Raw Materials Prices: Iron Ore, Coking Coal, Pig Iron, Scrap, Zinc

Written by Brett Linton

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Prices for all but one of the steelmaking raw materials tracked in this SMU analysis increased from May to June, with most products following large gains seen in previous months. Over the last 30 days, coking coal prices have increased 31%, shredded scrap prices rose 11%, and busheling scrap increased nearly 9%.

Table 1 summarizes the price changes of the seven materials considered in this analysis. It reports the month/month, three months/three months and year/year changes as a percentage.

Iron Ore

The Chinese import price of 62% Fe content iron ore fines has been moving upward for over a year now, since June 2020. Figure 1 shows the price of 62% Fe delivered North China at $210.8/dmt as of June 24, up 31% over three months prior and more than double the June 2020 price.

Coking Coal

The price of premium low volatile coking coal FOB east coast of Australia has ramped up in the last few weeks, surpassing the 2020 high earlier this month and reaching $175.5 per dry metric ton as of June 26 (Figure 2). The last time coking coal prices were this high was in July 2019. Although up, recent coking coal prices are low compared to those seen from approximately 2017 to mid-2019.

Pig Iron

Most of the pig iron imported to the U.S. currently comes from Russia, Ukraine and Brazil. This report summarizes prices out of Brazil and averages the FOB value from the north and south ports. The latest data through June shows an average pig iron price of $640 per metric ton. Pig iron prices have remained historically high for the past seven months and are up 117% from levels one year ago. Pig iron prices reached a low of $275 per metric ton in June 2020, with prices increasing each month thereafter through January 2021. After February’s slight dip, pig iron prices resumed their upward climb in March and have remained strong since (Figure 3).


Hot rolled steel prices fluctuate up and down with the price the mills must pay for their raw materials. Changes in the relationship between scrap and iron ore prices offer insights into the competitiveness of integrated mills, whose primary feedstock is iron ore, versus the minimills, whose primary feedstock is scrap. Figure 4 shows the spread between shredded and busheling, both priced in dollars per gross ton in the Great Lakes region. June scrap prices remain at historically high levels, up 9-11% from the month prior and ~95% higher than June 2020 prices. Prior to 2021, the previous record for scrap prices over the last decade occured in December 2011 at $510 per ton for busheling scrap, and in February 2012 at $473 for shredded scrap.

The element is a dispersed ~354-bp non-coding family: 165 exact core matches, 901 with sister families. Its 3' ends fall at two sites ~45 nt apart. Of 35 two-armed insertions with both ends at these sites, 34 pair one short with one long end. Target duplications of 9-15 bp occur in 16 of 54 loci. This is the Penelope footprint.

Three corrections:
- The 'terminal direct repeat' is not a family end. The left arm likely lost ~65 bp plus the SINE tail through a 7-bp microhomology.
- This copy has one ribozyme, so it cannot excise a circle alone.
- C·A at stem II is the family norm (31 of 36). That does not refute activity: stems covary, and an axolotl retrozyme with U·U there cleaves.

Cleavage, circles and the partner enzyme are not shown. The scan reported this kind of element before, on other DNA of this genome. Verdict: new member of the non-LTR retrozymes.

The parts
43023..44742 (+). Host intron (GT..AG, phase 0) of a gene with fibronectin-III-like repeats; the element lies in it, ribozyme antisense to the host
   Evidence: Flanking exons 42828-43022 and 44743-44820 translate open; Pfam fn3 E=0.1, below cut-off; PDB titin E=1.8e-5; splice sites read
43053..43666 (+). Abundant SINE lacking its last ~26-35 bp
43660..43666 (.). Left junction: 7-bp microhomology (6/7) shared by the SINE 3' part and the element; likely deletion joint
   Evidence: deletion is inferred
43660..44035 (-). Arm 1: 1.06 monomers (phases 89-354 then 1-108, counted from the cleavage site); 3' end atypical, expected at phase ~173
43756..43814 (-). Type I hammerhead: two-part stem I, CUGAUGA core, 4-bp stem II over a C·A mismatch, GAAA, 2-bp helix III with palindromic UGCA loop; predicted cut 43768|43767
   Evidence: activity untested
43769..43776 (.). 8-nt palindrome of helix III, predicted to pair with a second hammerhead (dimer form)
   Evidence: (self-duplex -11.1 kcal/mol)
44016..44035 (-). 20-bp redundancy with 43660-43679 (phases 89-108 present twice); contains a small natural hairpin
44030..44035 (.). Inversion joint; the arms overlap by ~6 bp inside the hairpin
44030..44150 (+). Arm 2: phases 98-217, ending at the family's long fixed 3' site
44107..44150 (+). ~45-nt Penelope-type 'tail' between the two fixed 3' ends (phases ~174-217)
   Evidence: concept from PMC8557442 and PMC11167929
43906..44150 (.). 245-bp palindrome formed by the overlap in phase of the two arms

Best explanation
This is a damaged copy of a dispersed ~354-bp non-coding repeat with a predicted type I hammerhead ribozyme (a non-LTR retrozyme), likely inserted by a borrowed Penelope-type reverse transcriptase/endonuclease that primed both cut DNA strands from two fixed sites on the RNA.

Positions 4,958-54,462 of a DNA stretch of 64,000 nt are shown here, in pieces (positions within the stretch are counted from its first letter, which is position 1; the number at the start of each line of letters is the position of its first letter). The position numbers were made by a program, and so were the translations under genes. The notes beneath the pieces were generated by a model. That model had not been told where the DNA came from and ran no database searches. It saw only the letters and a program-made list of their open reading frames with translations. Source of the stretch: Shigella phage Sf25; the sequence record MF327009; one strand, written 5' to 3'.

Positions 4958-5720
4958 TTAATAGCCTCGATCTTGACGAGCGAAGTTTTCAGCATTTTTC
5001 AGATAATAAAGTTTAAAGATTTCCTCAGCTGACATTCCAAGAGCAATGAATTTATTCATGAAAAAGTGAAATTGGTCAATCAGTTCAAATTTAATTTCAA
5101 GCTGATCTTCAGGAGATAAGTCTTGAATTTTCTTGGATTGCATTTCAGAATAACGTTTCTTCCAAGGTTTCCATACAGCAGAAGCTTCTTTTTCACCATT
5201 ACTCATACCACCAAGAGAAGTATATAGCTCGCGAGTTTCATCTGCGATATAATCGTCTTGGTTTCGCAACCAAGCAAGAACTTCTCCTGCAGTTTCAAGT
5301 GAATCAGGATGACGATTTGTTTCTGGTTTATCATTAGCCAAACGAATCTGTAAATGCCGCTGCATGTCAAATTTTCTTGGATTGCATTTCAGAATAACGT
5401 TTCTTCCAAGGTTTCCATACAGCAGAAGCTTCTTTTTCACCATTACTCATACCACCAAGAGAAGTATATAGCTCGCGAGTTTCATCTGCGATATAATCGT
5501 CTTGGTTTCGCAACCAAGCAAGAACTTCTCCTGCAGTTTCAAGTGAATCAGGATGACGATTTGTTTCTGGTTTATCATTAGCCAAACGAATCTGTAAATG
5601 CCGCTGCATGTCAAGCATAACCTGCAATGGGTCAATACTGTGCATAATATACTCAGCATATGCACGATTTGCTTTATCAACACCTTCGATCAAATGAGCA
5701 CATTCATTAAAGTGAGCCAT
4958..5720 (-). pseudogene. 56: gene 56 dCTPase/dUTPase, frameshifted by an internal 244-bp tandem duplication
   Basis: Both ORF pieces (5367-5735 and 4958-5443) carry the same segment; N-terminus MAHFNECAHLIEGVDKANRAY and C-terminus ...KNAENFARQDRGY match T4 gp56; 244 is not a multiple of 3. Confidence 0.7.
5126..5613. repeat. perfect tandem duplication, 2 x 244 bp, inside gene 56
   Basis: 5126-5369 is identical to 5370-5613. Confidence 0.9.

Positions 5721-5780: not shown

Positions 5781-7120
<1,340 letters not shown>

Figure 5 shows the similar uptrend in the prices of mill raw materials over the past year as the price of iron ore surpassed $200 per dry metric ton in May and shredded scrap hit $500 per gross ton this month.

To compare the two, Steel Market Update divides the shredded scrap price by the iron ore price to calculate a ratio (Figure 6). A high ratio favors the integrated/BF producers, a lower ratio favors the minimill/EAF producers. At the current 2.37 ratio shown below, minimills continue to hold a cost advantage. This ratio hit an all-time low of 1.86 in August 2020 (within SMU’s 12-year limited data history).

Figure 7 shows how the price of hot rolled steel generally tracks with the price of busheling scrap. Bush rose by $50 per ton from May to June, up $128 from January. Hot rolled prices continue to rise each week, with the latest SMU average at $1,760 per ton as of June 22; this is up $170 over the past four weeks and up $750 since the start of the year.

Zinc and Aluminum

Zinc, used to make galvanized and other products, has been on the rise since March 2020 and recently neared record-high levels (Figure 8). The LME cash price zinc as of June 28 was $1.3115 per pound, down 6% from the June 2 peak of $1.3883. The latest zinc price is up 3% from three months prior and up 42% from the May 2020 low of $0.8236. The price of zinc factors into the coating extras charged by the mills for galvanized products. California Steel recently revised its coating extras upwards to reflect higher zinc prices, and many mills had adjusted their extras on the sharp rise in zinc back in late-2020.

Aluminum prices, which factor into the price of Galvalume, have been trending upwards since June 2020 and reached a multi-year high on May 11. Note that aluminum prices often have large swings and return to typical levels within a few days, as seen in the graphic below. The LME cash price of aluminum was $1.1284 per pound as of June 28, up 11% over three months ago and up 56% over one year prior.

By Brett Linton,

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